Mine Detection Dog Programs

What is the MDDPP?

MLI launched the Mine Detection Dog Partnership Program (MDDPP) in 1999. The program utilizes government and private donations to purchase, train and deliver Mine Detection Dogs (MDDs) to landmine removal organizations within a mine-affected country. There are currently more than 900 MDDs working in 24 countries; MLI has donated more than 250 of those dogs. 

MLI’s longest running program, MDDPP, provides highly trained explosive-sniffing dogs to the neediest of countries, and trains local handlers to safely & effectively employ the lifesaving dogs. The success of the program is measured by MLI’s ability to satisfy urgent operational requirements/requests from contaminated countries, and by assessing the long-term care, sustainability, and effectiveness of the indigenous human-dog team capacities that are developed in each country.

250

MDDs and EDDs provided by MLI

49 million

Square meters of mine contaminated land returned to local populations

30x faster

Rate at which MDD teams search land compared to manual deminers

By searching for mines and accelerating the pace of clearance operations, the MDD teams not only save lives, but also positively impact the socio-economic growth of fragile post-conflict countries and increase the likelihood that these countries will remain at peace. In each country where MLI has developed an initial MDD capacity, the beneficiary countries have greatly expanded their MDD programs, recognizing the great value that the heroic animals provide.

MLI adheres to international standards for training and certifying each of its dog-handler teams to ensure that the MDDs can safely, effectively & reliably locate landmines and other explosive remnants of war. MLI’s MDD teams typically search up to 30 times faster than manual deminers can search in a given period time, without sacrificing safety or accuracy. None of MLI’s MDDs have ever been killed in a landmine clearance operation.

where are the dogs trained?

MLI dogs are trained at either the Global Training Academy in Somerset, Texas or the Mine Detection Dog Center in Bosnia-Herzegovina.  The dogs complete a rigorous 3-5 month training course where they learn to detect explosive odors commonly found in landmines.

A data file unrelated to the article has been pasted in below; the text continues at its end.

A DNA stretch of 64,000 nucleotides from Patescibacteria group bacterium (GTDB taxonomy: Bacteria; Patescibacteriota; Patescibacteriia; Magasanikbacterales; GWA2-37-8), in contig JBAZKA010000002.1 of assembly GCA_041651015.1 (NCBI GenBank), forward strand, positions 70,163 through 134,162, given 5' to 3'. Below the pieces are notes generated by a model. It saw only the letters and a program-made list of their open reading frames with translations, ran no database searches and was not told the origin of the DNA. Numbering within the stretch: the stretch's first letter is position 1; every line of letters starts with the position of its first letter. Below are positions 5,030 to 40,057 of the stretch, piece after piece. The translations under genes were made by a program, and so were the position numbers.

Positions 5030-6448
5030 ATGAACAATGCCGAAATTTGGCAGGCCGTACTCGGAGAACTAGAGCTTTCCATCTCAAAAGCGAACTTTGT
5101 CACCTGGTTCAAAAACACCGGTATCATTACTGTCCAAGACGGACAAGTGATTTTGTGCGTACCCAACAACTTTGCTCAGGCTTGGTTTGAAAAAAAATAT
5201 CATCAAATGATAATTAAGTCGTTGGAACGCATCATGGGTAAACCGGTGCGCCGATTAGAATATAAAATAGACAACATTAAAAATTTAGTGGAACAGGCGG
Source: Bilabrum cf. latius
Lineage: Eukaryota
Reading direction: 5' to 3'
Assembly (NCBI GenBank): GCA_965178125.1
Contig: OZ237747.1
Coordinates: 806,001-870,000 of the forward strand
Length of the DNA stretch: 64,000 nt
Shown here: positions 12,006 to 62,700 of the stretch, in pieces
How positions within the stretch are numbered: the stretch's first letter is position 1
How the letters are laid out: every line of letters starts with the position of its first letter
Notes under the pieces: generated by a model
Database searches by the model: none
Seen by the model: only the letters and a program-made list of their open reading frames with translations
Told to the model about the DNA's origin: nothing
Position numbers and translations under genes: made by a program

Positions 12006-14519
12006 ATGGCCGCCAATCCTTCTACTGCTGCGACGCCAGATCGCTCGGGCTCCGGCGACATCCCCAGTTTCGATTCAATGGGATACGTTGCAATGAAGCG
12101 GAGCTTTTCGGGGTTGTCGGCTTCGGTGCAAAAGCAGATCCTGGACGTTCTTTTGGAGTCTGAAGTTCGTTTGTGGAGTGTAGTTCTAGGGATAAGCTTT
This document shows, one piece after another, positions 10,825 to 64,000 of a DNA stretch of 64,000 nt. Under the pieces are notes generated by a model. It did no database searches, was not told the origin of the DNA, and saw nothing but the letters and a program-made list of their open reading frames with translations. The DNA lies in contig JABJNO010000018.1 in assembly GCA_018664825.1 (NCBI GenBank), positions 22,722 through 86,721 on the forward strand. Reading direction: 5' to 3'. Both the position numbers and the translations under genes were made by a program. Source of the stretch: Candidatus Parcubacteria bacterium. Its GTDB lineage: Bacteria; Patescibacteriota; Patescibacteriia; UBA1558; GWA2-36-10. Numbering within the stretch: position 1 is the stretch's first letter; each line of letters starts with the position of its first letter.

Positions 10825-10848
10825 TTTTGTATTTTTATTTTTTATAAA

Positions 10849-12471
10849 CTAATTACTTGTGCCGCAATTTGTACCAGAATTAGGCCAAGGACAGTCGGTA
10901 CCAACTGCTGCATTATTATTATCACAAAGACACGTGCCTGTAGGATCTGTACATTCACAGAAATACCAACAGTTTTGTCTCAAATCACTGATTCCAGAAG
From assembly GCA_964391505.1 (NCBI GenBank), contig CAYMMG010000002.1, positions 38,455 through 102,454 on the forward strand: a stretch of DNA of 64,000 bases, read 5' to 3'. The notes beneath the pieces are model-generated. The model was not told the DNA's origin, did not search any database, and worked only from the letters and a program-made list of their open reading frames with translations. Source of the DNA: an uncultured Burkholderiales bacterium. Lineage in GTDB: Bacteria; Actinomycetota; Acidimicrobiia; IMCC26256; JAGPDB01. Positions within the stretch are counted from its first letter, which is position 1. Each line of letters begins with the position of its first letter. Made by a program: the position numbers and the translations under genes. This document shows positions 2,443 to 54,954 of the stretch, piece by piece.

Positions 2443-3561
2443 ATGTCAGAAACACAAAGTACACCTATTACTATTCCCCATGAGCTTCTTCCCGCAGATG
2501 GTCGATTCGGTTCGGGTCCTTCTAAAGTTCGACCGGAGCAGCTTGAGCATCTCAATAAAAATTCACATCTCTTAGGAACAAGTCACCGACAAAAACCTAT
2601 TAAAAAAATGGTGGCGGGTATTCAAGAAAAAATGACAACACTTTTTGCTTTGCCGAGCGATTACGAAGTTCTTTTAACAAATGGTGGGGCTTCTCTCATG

Have any dogs been hurt during operations?

Not one of MLI's dogs has been hurt during a clearance operation.

where do the dogs go after retirement?

Nearly all of MLI’s MDDs are adopted by their handlers upon retirement, as the dogs generally work with the same person for their entire working career and an incredibly deep bond develops.  When this is not possible, MLI brings them to the United States and partners with organizations like Mission K9 Rescue to place them in loving homes.

Why Dogs?

MDDs are a crucial component to mine action programs because of their incredible sense of smell, which allows them to “sniff out” the explosive odors of landmines.

Unlike metal detectors, tools commonly used in demining, a dog is able to locate both metal and plastic landmines. An MDD works in a team with a human handler; the team can search up to 30 times faster than a manual deminer without compromising accuracy.

When properly integrated with other technologies (manual demining and machines) the mine detection dog team is an incredibly valuable tool for mine detection.  None of MLI’s Mine Detection Dogs have ever been hurt or killed while working.

Training MDDs

MLI dogs are trained either at the Global Training Academy in Somerset, Texas or the Mine Detection Dog Center in Bosnia-Herzegovina. Both facilities procure dogs from reputable breeders in Europe. The dogs complete a rigorous 3-5 month training course where they learn to detect explosive odors commonly found in landmines.

Dogs are trained to locate the scent and then sit still, stay safe, and alert a human partner to mark the spot. This ensures that the mine can be removed or destroyed. Dogs' detection skills, as well as their agility and size, makes them one of the most versatile and valuable partners in the landmine removal team.

MDDs are motivated to work because of their strong relationship with their human partners and the reward received for finding a mine. When a dog detects a mine, the handler praises and rewards the dog, usually with a ball or a toy. This makes the work fun for the dog, which motivates them to continue.

MLI believes that successful programs ensure that retired dogs are placed in good homes, in appropriate recognition of their service. When MLI partners with a local demining organization, this is a critical and contracted element.  Nearly all of MLI’s MDDs are adopted by their handlers upon retirement, as the dogs generally work with the same person for their entire working career and an incredibly deep bond develops.  When this is not possible, MLI brings them to the United States and partners with organizations like Mission K9 Rescue to place them in loving homes.

Meet Our Dogs!

Through individual and corporate sponsorship MLI has purchased, trained and delivered over 250 lifesaving dogs.

Meet our dogs, and the donors who made everything possible.

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© 2019 Marshall Legacy Institute